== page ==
We don’t need no EDUCATION!September 18th, 2011 by Artemis
At least not the type of education being taught in Israeli schools today…
Israel has an antiquated educational system which lacks any form of comprehensive structure. Teachers are underpaid, ill-prepared or otherwise totally incompetent and the curricula is categorically defective. To make matters worse, the band of clowns running this circus, (Ministry of Education), frequently changes its leadership leaving very little hope for meaningful reforms. Despite all of this, billions of shekels are senselessly wasted, year after year, on an archaic system which is failing Israeli youth and will eventually have to a disastrous effect on the future of its society and ultimately on the economy.
In all fairness, I do believe that most teachers in Israel have a sincere desire to positively contribute to the enrichment of young minds but they are quickly disillusioned when faced with an untamable lot of rowdy kids that have been left to their vices for far too long.
An unruly bunch, combined with limited resources, overcrowding, a mediocre curricula and an anachronistic Ministry of Education subsequently forces teachers with even the best intentions to conform to an unhealthy, irrational norm. The devastating effects are evident in Israel scholastic achievements which are among the lowest in the industrialized world.
Education was, ‘once upon a time’ a cherished value in every Jewish household. It was the torch that lit the path to freedom and perhaps the principle reason why this nation has produced dozens of Nobel Prize winners throughout history. Despite the fact that Israel dedicates 10% of its GDP to education, Israeli education ranks at the bottom of the list among Western nations.
Israeli youth has the potential of being electrified by the wonders of knowledge but here we have a system which is incapable of igniting so much as a spark in their minds. Informed parents who have carried on those well-engrained values of educational feel they have no choice but to spend a small fortune on private tutors. Private tutoring is rampant. Not only do teachers earn extra money on the side to compensate for their poor salaries, school faculty encourages parents to take on the extra expense as a sort of guarantee for academic success. Private tutors charge anywhere from $30-60 an hour leaving children of families in lower socio-economic levels far, far behind, eating the dust. It is therefore fair to say: the richer the family, the better test scores.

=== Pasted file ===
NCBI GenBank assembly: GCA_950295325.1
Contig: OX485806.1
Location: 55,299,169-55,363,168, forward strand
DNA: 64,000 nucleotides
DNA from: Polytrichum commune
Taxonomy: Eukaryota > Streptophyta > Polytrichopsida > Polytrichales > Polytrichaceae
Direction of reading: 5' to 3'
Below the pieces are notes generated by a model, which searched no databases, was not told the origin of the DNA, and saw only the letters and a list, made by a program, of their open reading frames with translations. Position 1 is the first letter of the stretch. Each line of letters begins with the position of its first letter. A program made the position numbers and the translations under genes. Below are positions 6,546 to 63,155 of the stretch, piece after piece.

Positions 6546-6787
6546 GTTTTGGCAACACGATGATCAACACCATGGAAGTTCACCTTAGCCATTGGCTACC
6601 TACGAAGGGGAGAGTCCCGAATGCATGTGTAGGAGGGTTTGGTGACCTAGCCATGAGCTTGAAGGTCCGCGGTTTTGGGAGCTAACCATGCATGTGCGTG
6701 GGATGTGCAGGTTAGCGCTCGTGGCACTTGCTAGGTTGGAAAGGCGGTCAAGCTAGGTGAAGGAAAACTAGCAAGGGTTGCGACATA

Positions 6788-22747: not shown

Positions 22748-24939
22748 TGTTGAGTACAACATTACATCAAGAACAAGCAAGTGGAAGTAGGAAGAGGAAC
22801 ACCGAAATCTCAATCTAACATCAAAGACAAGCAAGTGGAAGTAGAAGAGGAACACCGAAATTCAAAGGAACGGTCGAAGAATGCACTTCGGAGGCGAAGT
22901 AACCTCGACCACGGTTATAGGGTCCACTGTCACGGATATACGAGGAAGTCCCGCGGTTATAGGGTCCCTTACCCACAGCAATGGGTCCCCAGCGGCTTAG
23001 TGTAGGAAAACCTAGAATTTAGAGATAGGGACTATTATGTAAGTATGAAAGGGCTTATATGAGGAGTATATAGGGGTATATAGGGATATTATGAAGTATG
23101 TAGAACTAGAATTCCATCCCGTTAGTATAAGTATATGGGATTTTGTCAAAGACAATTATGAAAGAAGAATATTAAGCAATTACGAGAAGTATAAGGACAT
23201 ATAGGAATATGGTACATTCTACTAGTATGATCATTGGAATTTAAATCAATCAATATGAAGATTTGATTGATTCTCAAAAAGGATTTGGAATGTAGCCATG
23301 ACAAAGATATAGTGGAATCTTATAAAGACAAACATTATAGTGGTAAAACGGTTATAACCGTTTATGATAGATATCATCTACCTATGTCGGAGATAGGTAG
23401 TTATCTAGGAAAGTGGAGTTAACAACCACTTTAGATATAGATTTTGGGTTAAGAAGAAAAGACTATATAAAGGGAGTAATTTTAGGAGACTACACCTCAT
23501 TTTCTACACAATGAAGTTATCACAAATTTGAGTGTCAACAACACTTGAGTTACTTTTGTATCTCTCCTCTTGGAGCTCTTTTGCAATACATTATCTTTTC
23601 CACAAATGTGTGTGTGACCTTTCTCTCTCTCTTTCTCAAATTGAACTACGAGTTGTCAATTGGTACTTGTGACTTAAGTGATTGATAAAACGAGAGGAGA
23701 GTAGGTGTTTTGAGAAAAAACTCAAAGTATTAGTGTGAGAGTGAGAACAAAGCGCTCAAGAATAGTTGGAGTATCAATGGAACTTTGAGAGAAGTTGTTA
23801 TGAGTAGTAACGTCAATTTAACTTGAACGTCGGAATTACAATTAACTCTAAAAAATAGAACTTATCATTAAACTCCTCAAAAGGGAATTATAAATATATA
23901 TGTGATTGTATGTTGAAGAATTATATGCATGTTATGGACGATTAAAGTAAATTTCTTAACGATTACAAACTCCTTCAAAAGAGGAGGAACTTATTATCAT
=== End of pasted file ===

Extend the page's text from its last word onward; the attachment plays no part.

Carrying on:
If I ran the educational system I would implement these ten ground-breaking steps, (in no particular order):
#1) Do away with all school books – Aside from breaking their backs with the weight of schlepping a ton of books to school every day, kid’s today loath and despise the very feel of paper. Let’s face it, they are better equipped to handle electronic devices than they are books and pencils. All students should be given electronic devices, such as ipads or even small laptops which could be easily monitored by parents and educators alike. This is not a draconian idea, it is actually based on an obvious need for this new generation to connect and interact with one another in a way which is most practical and comfortable for them. All homework, study material and so forth should be done electronically on a closed circuit network. Not only would we save a whole lot of trees, parents would save a fortune on books! For those of you that don’t know, books in Israel are not provided by the government. Parents must buy books for their children at the beginning of the school year. The average cost for books ranges anywhere from 200-500 dollar annually, depending on the students age.
#2) Open up the bloody system. Some kids are good at Science while others prefer Language or History. It’s impossible to impose one strict curriculum on children with a vast range of capacities. By giving students the freedom to choose ‘elective’ classes, we should see better test scores. The goal in life is to find a job doing what you love most and I strongly believe this idea should be adopted worldwide. Furthermore, mandatory courses, such as reading , writing and arithmetic should be taught on a sliding scale so children with a lower learning capacity would be encouraged to excel to their own next level without feeling as if they are less than others in the class. Testing should be done to determine their level and never revealed to anyone other than the student and parent.